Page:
+-------------------------------------+    |    +------+
                            ^                                ^
                            | NSC SBI                |       | MPI
                            v                                v
          +-------------------------------------+    |    +-----+
          |        Network Controller(s)        |  =====> | PNC |
          +-------------------------------------+    |    +-----+


          Figure 4: Mapping between IETF Network Slices and ACTN

   The NSC NBI conveys the generic IETF Network Slice requirements.
   These may then be realized using an SBI within the NSC.

   As per [RFC8453] and [I-D.ietf-teas-actn-yang], the CNC-MDSC
   Interface (CMI) is used to convey the virtual network service
   requirements along with the service models and the MDSC-PNC Interface
   (MPI) is used to realize the service along network configuration
   models.  [I-D.ietf-teas-te-service-mapping-yang] further describe how
   the VPN services can be mapped to the underlying TE resources.

   The Network Controller is depicted as a single block, analogous to a
   Provisioning Network Controller (PNC - in this example).  In the ACTN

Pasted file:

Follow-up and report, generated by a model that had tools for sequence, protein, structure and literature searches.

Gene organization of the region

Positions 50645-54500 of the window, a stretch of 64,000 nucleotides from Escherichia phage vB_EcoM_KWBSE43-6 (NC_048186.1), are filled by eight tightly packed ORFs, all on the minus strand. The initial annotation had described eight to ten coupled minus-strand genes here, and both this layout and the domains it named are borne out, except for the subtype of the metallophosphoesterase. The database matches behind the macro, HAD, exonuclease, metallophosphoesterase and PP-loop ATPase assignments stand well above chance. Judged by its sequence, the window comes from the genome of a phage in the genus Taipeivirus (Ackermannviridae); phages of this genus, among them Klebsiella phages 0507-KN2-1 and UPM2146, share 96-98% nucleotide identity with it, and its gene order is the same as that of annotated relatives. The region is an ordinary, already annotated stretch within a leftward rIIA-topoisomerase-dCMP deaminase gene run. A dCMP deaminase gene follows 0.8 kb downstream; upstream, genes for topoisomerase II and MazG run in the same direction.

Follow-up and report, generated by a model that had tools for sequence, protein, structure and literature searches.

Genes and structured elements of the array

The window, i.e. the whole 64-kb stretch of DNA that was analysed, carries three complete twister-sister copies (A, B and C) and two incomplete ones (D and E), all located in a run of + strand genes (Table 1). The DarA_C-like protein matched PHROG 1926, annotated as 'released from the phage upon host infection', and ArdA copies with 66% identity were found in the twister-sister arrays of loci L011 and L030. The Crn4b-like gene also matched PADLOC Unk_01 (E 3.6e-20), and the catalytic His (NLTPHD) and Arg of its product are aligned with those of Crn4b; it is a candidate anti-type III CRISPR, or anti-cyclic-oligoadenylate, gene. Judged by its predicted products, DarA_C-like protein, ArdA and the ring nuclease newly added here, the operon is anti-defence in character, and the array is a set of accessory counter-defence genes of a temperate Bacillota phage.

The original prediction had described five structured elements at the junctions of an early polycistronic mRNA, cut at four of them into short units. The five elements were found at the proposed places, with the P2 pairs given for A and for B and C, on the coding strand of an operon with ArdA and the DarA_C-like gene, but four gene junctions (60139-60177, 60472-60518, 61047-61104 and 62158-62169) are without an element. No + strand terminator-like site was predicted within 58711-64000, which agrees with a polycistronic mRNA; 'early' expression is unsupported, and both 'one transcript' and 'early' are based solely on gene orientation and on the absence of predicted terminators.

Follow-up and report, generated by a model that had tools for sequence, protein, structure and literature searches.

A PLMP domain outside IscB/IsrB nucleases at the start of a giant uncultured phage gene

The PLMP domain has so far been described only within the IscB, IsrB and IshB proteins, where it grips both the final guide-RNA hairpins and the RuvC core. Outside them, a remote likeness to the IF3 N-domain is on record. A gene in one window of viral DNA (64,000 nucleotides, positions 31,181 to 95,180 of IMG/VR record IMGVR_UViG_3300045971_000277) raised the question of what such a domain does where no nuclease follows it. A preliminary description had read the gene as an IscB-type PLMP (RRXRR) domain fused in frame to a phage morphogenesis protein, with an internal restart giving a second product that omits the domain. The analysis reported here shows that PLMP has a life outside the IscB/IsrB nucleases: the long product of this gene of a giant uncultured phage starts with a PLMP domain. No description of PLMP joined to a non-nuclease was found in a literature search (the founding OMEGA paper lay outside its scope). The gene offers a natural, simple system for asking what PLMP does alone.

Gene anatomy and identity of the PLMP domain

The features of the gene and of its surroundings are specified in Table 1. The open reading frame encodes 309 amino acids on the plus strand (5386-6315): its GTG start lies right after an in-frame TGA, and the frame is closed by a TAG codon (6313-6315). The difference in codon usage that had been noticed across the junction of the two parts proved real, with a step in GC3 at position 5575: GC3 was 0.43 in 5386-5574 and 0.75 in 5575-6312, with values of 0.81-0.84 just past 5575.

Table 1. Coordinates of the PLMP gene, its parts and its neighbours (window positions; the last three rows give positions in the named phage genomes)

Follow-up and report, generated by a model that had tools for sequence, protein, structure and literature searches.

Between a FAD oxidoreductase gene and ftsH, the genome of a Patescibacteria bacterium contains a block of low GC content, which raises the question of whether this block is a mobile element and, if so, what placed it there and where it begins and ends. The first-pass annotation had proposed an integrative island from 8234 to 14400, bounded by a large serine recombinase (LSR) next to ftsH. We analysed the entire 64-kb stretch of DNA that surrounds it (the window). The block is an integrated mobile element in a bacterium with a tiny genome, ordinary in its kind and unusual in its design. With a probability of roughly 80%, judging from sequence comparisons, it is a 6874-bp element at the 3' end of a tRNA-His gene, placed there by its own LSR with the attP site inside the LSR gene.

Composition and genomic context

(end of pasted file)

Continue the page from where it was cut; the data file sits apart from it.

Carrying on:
framework, however, it is also possible that the NC function is
   decomposed into MDSC and PNC - that is, the NC may comprise hierarchy
   as needed to handle the multiple domains and various underlay
   technologies, whereas a PNC in ACTN is intended to be specific to at
   most a single underlay technology and (likely) to individual devices
   (or functional components).

   Note that the details of potential implementations of everything that
   is below the NSC in Section 6 are out of scope in this document -
   hence the specifics of the relationship between NC and PNC, and the
   possibility that the MDSC and PNC may be combined are at most
   academically interesting in this context.  Another way to view this
   is that, in the same way that ACTN might combine MDSC and PNC, the
   NSC might also directly include NC functionality.